Front Page Titles (by Subject) Section IX. - A Letter to Grover Cleveland, on his false Inaugural Address, the Usurpations and Crimes of Lawmakers and Judges, and the consequent Poverty, Ignorance, and Servitude of the People
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Section IX. - Lysander Spooner, A Letter to Grover Cleveland, on his false Inaugural Address, the Usurpations and Crimes of Lawmakers and Judges, and the consequent Poverty, Ignorance, and Servitude of the People 
A Letter to Grover Cleveland, on his false Inaugural Address, the Usurpations and Crimes of Lawmakers and Judges, and the consequent Poverty, Ignorance, and Servitude of the People (Boston: Benjamin R. Tucker Publisher, 1886).
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Sir, if a government is to “do equal and exact justice to all men,” it must do simply that, and nothing more. If it does more than that to any,—that is, if it gives monopolies, privileges, exemptions, bounties, or favors to any,—it can do so only by doing injustice to more or less others. It can give to one only what it takes from others; for it has nothing of its own to give to any one. The best that it can do for all, and the only honest thing it can do for any, is simply to secure to each and every one his own rights,—the rights that nature gave him,—his rights of person, and his rights of property; leaving him, then, to pursue his own interests, and secure his own welfare, by the free and full exercise of his own powers of body and mind; so long as he trespasses upon the equal rights of no other person.
If he desires any favors from any body, he must, I repeat, depend upon the voluntary kindness of such of his fellow men as may be willing to grant them. No government can have any right to grant them; because no government can have a right to take from one man any thing that is his, and give it to another.
If this be the only true idea of an honest government, it is plain that it can have nothing to do with men’s “interests,” “welfare,” or “prosperity,” as distinguished from their “rights.” Being secured in their rights, each and all must take the sole charge of, and have the sole responsibility for, their own “interests,” “welfare,” and “prosperity.”
By simply protecting every man in his rights, a government necessarily keeps open to every one the widest possible field, that he honestly can have, for such industry as he may choose to follow. It also insures him the widest possible field for obtaining such capital as he needs for his industry, and the widest possible markets for the products of his labor. With the possession of these rights, he must be content.
No honest government can go into business with any individuals, be they many, or few. It cannot furnish capital to any, nor prohibit the loaning of capital to any. It can give to no one any special aid to competition; nor protect any one from competition. It must adhere inflexibly to the principle of entire freedom for all honest industry, and all honest traffic. It can do to no one any favor, nor render to any one any assistance, which it withholds from another. It must hold the scales impartially between them; taking no cognizance of any man’s “interests,” “welfare,” or “prosperity,” otherwise than by simply protecting him in his “rights.”
In opposition to this view, lawmakers profess to have weighty duties laid upon them, to promote men’s “interests,” “welfare,” and “prosperity,” as distinguished from their “rights.” They seldom have any thing to say about men’s “rights.” On the contrary, they take it for granted that they are charged with the duty of promoting, superintending, directing, and controlling the “business” of the country. In the performance of this supposed duty, all ideas of individual “rights” are cast aside. Not knowing any way—because there is no way—in which they can impartially promote all men’s “interests,” “welfare,” and “prosperity,” otherwise than by protecting impartially all men’s rights, they boldly proclaim that “individual rights must not be permitted to stand in the way of the public good, the public welfare, and the business interests of the country.”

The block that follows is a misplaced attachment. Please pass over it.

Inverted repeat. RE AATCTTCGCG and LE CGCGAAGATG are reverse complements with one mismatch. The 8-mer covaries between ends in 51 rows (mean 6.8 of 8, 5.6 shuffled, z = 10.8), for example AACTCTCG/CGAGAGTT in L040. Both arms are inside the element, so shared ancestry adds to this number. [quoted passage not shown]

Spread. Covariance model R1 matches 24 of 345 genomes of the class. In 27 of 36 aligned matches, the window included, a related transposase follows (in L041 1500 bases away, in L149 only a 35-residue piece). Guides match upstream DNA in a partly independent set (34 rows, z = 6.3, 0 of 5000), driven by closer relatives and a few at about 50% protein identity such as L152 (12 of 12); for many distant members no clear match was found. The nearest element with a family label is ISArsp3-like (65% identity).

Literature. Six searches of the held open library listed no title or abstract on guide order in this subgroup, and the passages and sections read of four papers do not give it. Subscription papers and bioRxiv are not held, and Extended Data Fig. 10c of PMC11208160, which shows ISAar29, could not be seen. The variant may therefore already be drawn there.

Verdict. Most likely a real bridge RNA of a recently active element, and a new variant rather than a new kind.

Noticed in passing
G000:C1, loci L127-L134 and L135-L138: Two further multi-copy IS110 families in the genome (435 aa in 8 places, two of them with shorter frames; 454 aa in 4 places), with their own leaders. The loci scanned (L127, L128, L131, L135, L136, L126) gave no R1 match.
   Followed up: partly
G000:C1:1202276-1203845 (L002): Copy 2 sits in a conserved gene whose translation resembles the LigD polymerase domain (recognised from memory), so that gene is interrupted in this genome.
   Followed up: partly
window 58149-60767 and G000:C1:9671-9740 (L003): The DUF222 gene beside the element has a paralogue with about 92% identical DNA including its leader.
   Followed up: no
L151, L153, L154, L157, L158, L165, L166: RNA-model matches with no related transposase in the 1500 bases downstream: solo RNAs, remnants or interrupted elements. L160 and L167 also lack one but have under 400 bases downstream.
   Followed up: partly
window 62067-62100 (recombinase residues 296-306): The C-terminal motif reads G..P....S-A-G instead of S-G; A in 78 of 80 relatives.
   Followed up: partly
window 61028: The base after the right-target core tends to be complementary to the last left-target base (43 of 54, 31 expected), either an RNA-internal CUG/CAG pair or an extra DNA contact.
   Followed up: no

Substantially all their lawmaking proceeds upon this theory; for there is no other theory, on which they can find any justification whatever for any lawmaking at all. So they proceed to give monopolies, privileges, bounties, grants, loans, etc., etc., to particular persons, or classes of persons; justifying themselves by saying that these privileged persons will “give employment” to the unprivileged; and that this employment, given by the privileged to the unprivileged, will compensate the latter for the loss of their “rights.” And they carry on their lawmaking of this kind to the greatest extent they think is possible, without causing rebellion and revolution, on the part of the injured classes.
Sir, I am sorry to see that you adopt this lawmaking theory to its fullest extent; that although, for once only, and in a dozen words only,—and then merely incidentally,—you describe the government as “a government pledged to do equal and exact justice to all men,” you show, throughout the rest of your address, that you have no thought of abiding by that principle; that you are either utterly ignorant, or utterly regardless, of what that principle requires of you; that the government, so far as your influence goes, is to be given up to the business of lawmaking,—that is, to the business of abolishing justice, and establishing injustice in its place; that you hold it to be the proper duty and function of the government to be constantly looking after men’s “interests,” “welfare,” “prosperity,” etc., etc., as distinguished from their rights; that it must consider men’s “rights” as no guide to the promotion of their “interests”; that it must give favors to some, and withhold the same favors from others; that in order to give these favors to some, it must take from others their rights; that, in reality, it must traffic in both men’s interests and their rights; that it must keep open shop, and sell men’s interests and rights to the highest bidders; and that this is your only plan for promoting “the general welfare,” “the common interest,” etc., etc.
That such is your idea of the constitutional duties and functions of the government, is shown by different parts of your address: but more fully, perhaps, by this: